Further, news reports of loyalists being attacked and abused are a form of threat in and of themselves, serving as a warning for those who have not made up their minds or are loyalists themselves.

Another Medium which gave promise for frequent repetition, easy memorization and fast dissemination was music (8).  Songs were rewritten, new sets of lyrics to well known tunes would have spread like wildfire after they were distributed in broadside form (a long-standing tradition by thee 18th century).  Some examples through the revolutionary period were “The Battle of the Kegs and “The new Massachusetts Liberty Song To the Tune of the British Grenadier.  While the Battle of the Kegs derides the British Army as a generally comic enemy esteeming the defeat of empty barrels as grand heroics, it simultaneously makes them less formidable due to that. It also conveys news of actual events, and serves to keep the populace up to date on the developments in the war.  

The earlier song from Massachusetts aggrandizes resistance to extra-continental authority while not actually mentioning any of the reasons why such action would be needed, justified or accomplished. However, the continual repetition of these themes would have quickly settled into the  minds of those who heard it. Both these examples are written to easily sung, well known and popular tunes (Yankee Doodle and British Grenadiers, respectively), making them very easily passed on, person to person, colony to colony.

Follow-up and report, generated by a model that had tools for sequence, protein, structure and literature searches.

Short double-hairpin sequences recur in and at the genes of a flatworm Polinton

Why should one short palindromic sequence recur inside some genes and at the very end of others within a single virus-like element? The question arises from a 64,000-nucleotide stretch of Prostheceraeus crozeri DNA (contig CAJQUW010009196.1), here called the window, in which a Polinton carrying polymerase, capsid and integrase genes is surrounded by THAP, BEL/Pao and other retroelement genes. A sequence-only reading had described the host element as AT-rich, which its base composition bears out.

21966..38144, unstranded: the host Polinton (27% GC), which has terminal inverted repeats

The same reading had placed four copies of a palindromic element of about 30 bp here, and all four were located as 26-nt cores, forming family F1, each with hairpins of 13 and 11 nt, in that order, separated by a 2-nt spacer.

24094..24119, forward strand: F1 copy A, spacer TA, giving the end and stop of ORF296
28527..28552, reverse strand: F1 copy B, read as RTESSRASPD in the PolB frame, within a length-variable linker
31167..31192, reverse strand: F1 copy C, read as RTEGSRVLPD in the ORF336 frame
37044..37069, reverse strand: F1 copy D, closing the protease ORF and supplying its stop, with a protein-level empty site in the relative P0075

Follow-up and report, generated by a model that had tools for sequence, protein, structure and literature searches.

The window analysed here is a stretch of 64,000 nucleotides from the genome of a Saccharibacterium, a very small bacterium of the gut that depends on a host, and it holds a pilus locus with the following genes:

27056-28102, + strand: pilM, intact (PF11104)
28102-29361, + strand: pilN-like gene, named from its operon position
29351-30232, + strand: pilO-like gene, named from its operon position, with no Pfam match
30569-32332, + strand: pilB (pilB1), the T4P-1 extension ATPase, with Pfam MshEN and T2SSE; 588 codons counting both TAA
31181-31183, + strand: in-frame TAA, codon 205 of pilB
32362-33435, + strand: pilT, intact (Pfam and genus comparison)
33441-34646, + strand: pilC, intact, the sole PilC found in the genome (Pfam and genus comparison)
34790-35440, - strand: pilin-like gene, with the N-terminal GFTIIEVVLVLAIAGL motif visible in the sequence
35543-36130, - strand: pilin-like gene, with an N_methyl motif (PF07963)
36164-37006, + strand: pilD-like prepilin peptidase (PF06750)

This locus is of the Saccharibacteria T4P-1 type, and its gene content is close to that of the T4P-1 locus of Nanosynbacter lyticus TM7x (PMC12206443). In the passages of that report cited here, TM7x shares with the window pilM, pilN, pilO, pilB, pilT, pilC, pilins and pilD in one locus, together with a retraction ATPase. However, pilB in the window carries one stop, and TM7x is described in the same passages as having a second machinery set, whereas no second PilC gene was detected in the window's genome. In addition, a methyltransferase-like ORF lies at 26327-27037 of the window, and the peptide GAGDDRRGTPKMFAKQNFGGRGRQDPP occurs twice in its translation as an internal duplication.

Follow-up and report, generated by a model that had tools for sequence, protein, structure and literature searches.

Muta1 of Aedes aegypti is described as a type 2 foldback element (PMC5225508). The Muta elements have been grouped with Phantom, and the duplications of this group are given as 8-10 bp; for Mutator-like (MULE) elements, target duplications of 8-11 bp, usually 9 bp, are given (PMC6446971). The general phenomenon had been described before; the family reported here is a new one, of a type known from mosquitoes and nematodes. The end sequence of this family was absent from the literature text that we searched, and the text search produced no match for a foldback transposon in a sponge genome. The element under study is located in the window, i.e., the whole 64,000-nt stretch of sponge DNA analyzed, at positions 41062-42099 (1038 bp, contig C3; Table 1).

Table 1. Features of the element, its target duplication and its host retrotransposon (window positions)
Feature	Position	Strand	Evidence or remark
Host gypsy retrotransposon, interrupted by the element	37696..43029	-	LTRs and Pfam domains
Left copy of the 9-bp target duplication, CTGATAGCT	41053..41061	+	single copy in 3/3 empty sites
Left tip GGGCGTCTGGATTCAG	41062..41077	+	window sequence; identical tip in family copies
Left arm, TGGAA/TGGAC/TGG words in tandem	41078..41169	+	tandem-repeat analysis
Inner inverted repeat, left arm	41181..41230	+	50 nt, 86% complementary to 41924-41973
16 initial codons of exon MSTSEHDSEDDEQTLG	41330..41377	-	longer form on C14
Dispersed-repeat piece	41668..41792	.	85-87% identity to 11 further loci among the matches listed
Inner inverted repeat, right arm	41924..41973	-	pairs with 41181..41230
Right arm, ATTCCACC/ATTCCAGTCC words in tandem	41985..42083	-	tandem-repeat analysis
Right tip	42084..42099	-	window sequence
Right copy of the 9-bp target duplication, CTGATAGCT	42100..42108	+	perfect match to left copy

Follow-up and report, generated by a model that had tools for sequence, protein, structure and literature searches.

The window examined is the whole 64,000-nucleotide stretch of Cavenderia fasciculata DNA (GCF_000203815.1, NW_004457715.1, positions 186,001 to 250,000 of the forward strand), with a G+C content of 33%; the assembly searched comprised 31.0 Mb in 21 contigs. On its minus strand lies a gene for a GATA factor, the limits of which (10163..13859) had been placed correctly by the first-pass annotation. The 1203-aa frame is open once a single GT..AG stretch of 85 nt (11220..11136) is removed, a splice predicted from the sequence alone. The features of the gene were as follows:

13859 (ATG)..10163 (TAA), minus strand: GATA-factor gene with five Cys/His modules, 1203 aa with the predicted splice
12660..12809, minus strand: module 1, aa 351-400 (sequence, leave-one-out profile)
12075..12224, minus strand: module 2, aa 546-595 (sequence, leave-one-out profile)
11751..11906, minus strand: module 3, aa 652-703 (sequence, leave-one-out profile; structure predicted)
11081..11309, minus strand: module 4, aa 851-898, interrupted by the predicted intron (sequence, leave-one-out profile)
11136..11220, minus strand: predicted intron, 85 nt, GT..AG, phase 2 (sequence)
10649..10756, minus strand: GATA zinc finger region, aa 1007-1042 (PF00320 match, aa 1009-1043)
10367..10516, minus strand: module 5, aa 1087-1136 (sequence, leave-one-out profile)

Other mediums such as handbills, informational broadsides and newspapers were exploited as well, and to great effect. They spread quickly through the Post and from hand to hand, colony to colony.  Further, these items were read in public places, where the news would be passed on mouth to mouth (9).  These publications were just as biased as any of the others available, frequently involving the same disinformation.

Take for an example An Account of a late Military Massacre at Boston, a broadside published early in 1770 at New York.  It describes the so-called massacre as a premeditated action on the part of the British troops against peacefully assembled, concerned citizens, mostly young persons, occasionally throwing snowballs.  After a short time, so it claims, Capt. Preston, the Commanding Officer of the guard detachment gave the order to fire on this assembly.  The account entirely fails to mention the crowd was armed with clubs, staves, and similar weaponry, and was in a riotous posture.  That the crowd had assaulted the lone guard initially posted at King Street, to the point where he felt obliged to call out the reserve guard under Capt. Preston, was also conspicuously absent from the account (5).  Thus, a riot and assault on Government officers charged with enforcing the law turns into an infamous massacre.